When the time was right to leave Borrego Springs behind I looked at the map and thought that I would perhaps head south and check out some of the vast southern parts of Anza-Borrego Desert State Park.
But when I looked closer at some of the places along the way, I realized that I had already been there. So, instead I decided to head over to the well known 'Slab City' on the east side of the Salton Sea, and just east of the town of Niland. I had heard a lot about the place, but had not yet paid a visit.
I won't go into great details, but the place was a former US military base that was decomissioned decades ago, and has since been home to a few hardy year-round residents, and a great variety of winter visitors and residents.
Here is one of the military guard posts at the entrance to the area. 'Almost there'.And another onefurther down the road.
Right at the entrance is Salvation Mountain. It has been written about a lot and photographed a lot and it and Slab City were featured in the movie 'Into the Wild'. In August I blogged about another part of the movie that took place in Alaska.
The 'mountain' is pretty amazing and obviously is the result of thousands of hours of work and thousands of gallons of paint. You can Google it and find out many more details.
Here, you canwalk right up the painted face.
On a painted trail.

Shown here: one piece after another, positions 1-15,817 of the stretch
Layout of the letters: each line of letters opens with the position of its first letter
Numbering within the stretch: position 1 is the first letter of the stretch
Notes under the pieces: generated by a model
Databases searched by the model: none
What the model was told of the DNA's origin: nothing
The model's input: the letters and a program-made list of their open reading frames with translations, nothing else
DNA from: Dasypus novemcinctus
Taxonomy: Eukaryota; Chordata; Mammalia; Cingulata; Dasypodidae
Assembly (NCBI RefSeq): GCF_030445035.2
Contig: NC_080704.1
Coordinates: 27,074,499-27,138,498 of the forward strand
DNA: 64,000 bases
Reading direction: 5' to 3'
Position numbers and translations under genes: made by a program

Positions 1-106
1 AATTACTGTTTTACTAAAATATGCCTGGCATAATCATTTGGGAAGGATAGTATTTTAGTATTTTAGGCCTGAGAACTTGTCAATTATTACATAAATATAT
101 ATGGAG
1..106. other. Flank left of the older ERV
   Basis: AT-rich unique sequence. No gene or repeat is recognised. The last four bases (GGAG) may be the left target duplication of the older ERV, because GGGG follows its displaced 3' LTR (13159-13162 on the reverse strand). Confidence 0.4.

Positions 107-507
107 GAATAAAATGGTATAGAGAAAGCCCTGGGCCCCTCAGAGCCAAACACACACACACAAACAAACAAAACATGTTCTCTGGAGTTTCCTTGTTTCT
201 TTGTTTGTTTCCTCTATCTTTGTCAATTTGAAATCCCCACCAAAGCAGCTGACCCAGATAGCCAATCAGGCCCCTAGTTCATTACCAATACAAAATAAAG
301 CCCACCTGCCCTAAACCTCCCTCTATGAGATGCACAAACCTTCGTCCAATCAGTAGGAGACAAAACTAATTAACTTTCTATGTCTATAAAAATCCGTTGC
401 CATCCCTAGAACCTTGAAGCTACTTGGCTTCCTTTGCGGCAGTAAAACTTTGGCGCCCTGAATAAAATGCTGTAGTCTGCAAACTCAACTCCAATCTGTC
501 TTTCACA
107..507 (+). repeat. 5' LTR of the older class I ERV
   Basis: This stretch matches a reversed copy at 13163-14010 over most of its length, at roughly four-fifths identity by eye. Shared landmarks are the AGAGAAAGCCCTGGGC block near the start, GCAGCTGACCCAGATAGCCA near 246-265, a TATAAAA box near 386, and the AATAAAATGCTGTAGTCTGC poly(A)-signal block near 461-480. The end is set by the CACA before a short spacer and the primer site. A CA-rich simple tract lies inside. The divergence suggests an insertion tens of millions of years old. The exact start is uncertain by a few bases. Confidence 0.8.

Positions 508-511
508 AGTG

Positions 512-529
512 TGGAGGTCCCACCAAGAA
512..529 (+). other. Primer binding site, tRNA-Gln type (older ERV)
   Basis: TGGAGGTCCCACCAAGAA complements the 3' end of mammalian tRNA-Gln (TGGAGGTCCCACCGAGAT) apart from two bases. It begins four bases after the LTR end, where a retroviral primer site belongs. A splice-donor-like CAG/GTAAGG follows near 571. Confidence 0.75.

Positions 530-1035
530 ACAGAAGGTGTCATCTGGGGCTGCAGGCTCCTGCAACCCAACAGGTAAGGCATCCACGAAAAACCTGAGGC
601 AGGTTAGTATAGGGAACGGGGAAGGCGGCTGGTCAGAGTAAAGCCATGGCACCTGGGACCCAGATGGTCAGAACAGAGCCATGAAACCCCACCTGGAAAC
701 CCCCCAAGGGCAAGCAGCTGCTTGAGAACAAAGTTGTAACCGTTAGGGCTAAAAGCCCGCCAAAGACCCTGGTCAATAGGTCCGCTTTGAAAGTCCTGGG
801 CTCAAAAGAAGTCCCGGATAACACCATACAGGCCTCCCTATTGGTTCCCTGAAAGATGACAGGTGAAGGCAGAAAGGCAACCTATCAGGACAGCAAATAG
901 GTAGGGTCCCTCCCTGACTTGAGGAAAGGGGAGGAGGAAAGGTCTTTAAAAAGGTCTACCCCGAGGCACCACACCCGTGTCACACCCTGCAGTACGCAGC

To the top; looking back down at the parking lot.
The 'company cars' are all painted and well adorned as well. I spotted one of these in Niland, and there was no doubt where it had come from!
Another view looking down.
And the back side of a new area. Wood, hay bales, plywood, pallets, you name it.
I realized that it is very difficult to generalize about this place - the extremes are just that.
You will see pretty much anything and everything here.And everything in between.
Sometimes it is not clear if something is undergoing construction - or demolition. Or both?But at least there is a complaint department in the 'Loner's on Wheels' section!
While generally everyone is very friendly, there are some gates and keep out signs, with all manner of debris used as fencing or barricades, or decoration.
There are operating businesses, such as this solar installation place, and a library that never closes - well, there are no doors.
On the entrance road there is a free 'shower'.
If you don't mind crawling down into a hole on a ladder.The glossy brochure said the water was from a hot springs, but when I felt it, it was rather cool. Likely very refreshing on a hot day, however.
There is a downside as well (in case you weren't paying attention), including probably decades of non garbage disposal etc.
There is no electricity, therefore there is a lot of solar happening, and a lot of generators. And a lot of dogs in some areas. There is live music on Friday nites, and apparently happy hour every day at 3.
I pulled in at dark the first night and did not know where to go, and ended up where there were a lot of running generators and barking dogs.
So the next day, I moved a bit further into the desert where I found plenty of peace and quiet.
With a nice view all around, and also back across the Salton Sea up towards Borrego Springs.
I could occasionally hear the Friday nite live music.
But that did not detract at all from the nice little campfire I was enjoying.